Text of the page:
The Little Known Secret of Skunk Cabbage

Eastern Skunk Cabbage: A Heater For Bees!

by Anita Deeley at

A native plant that creates its own heat, Eastern Skunk Cabbage provides pollen, shelter and warmth for foraging bees.

Blooms: Feb-April   Bee Forage: Pollen  Pollen Color: Light Yellow

Skunk Cabbage (3) by Nicholas A. Tonelli
The hard shell spathe encases the flower providing shelter for foraging bees.
Photo by Nicholas A. Tonelli. Used under Creative Commons Attribution License.

Eastern Skunk Cabbage (Symplocarpus Foetidus)  is a herbacceous perennial that flowers in late winter and early spring. Blooms occur anytime from Feb-April throughout the Northeastern United States.  Plants prefer damp wooded soils and swampy areas and flower spathes can be seen breaking through snow and ice to bloom. Encased in a hard reddish mottled spathe, flowers appear before leaves, and provide an important early pollen source that honey bees need to rear brood.  This plant has green cabbage like leaves and a rotten smell when leaves are crushed, hence its horrible name.

Skunk Cabbage Through the Ice in March Michigan by VasenkaPhotography sm
Skunk cabbage flowers break through snow and ice by creating their own heat and melting it out of the way.
Photo by VasenkaPhotography Used under Creative Commons Attribution License.

Eastern Skunk Cabbage – A Space Heater For Foraging Bees

Even more amazing is this plants ability to create heat and provide warmth and shelter for foraging bees during this cold time of year. Eastern Skunk Cabbage can generate heat reaching temperatures ranging from 59-95 degrees F above air temperature by a process known as thermogenesis. It uses cyanide resistant cellular respiration to melt its way through frozen ground.  The head shell around the flower traps the warm air inside creating the prefect little space heater for honey bees.

"Symplocarpus foetidus (Skunk Cabbage) Long Island, NS" by magnolia1000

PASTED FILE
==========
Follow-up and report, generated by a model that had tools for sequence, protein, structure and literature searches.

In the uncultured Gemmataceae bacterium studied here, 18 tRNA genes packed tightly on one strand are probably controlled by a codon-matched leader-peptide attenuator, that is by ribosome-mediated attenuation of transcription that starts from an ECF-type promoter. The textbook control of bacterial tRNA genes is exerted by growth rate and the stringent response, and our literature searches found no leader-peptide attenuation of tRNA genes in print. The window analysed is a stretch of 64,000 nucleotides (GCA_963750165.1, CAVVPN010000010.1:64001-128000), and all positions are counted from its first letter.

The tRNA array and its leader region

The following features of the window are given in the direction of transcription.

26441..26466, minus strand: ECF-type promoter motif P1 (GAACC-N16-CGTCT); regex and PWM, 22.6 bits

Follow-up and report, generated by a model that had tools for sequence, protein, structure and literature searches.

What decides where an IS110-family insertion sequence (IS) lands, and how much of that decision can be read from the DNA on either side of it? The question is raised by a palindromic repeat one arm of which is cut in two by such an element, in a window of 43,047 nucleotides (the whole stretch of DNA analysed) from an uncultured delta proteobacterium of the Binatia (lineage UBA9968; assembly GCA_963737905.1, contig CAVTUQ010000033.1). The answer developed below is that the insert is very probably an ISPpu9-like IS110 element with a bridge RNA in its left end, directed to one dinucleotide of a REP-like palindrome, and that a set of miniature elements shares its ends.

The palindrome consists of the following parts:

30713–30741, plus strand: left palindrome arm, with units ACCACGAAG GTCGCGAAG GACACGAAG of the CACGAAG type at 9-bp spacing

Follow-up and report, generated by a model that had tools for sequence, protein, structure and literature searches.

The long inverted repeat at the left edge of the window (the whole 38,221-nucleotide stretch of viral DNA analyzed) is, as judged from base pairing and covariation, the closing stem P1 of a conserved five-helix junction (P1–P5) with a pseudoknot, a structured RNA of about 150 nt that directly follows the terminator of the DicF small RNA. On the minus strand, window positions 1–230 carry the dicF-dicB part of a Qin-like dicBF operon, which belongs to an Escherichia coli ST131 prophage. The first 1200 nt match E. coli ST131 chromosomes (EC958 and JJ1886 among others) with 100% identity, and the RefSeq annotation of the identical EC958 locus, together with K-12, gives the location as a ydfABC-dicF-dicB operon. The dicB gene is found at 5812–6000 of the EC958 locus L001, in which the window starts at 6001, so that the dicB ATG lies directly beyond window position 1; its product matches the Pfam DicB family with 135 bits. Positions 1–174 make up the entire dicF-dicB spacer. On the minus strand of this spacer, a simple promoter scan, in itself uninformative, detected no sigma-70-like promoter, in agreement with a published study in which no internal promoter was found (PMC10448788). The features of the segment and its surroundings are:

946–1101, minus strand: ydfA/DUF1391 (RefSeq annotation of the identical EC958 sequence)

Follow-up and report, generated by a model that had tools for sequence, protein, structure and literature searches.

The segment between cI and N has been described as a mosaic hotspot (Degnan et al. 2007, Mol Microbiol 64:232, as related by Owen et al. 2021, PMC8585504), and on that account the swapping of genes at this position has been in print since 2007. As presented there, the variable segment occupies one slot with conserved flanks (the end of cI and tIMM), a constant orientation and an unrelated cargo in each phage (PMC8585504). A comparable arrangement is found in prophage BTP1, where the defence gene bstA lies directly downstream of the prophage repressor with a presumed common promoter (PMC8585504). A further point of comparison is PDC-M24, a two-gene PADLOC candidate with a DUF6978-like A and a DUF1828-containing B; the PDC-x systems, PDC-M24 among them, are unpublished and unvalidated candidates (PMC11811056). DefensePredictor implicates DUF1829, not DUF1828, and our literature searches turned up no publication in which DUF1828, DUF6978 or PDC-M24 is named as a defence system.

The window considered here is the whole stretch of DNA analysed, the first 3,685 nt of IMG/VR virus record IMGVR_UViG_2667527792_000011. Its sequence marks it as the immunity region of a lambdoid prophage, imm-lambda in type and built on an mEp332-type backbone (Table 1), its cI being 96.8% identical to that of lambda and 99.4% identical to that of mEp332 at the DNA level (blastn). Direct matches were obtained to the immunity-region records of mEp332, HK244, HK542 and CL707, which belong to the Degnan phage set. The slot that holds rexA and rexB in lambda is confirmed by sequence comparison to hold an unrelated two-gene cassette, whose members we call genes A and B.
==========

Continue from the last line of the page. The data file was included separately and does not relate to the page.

The flowers emit differing smells from unscented to carrion to garlic to entice pollinators inside.
Photo by magnolia1000 Used under Creative Commons Attribution License.

Honey Bees prefer to stop at scented flowers and the flowers of skunk cabbage emit differing scents varying from carrion, apple, turnip and garlic to entice the bees. As the bee forages for pollen to bring home to the hive, the flower emanates heat inside it’s shell creating a shelter for the bee that warms up the bees body so it can return safely home in the cold foraging temperatures that skunk cabbage blooms. A smelly weedy swamp plant functioning as a mini sauna and snack bar for bees – How cool is that!

"Symplocarpus foetidus - Skunk Cabbage" by Fritz Flohr Reynolds

Doesn’t it look warm and cozy in there? If you were a bee how could you resist?
Photo by Fritz Flohr Reynolds used under Creative Commons Attribution-ShareAlike License.

Copyright © 2011-2014. Anita Deeley, All rights reserved.

 Skunk Cabbage Feature Image by Benny Mazur. Used under Creative Commons Attribution License.


  1. are these plants bulbs, and where can you purchase them

    • They are a native plant that likes to grow in swampy areas. I didn’t think you could purchase them but I just did a google search for “buy skunk cabbage” and a few places came up. Make sure you get the Eastern Skunk Cabbage (Symplocarpus Foetidus) because there are a few varieties.

  2. Great to know. I had always thought they were as unwelcome as the skunks who are waking and spraying like mad this time of year. I’m going to go down to my swamp now and look for their stinky, welcome flowers.

  3. I had no idea that skunk cabbage was a nectar plant for my bees! Plenty of it grows behind my house, and coincidentally, I have a watercolor of it in a show next month. I researched skunk cabbage for the painting, but I thought flies pollinated it…Great to know it benefits honeybees.

  4. Hello, can you just dig up existing skunk cabbage and replant? I would like to add to my property for the bees! I am new to this site. Thanks! Bettina

    • Hi Bettina,

      I have not tried doing this but since eastern skunk cabbage grows downward and deeper into the mud every year, I suspect it would be hard to dig up and replant. You can gather the seeds when they are ready and plant it this way though.

  5. Great information, I have for years seen bees in my back acreage on skunk cabbage, A new lesson for me and I thank you for posting it.

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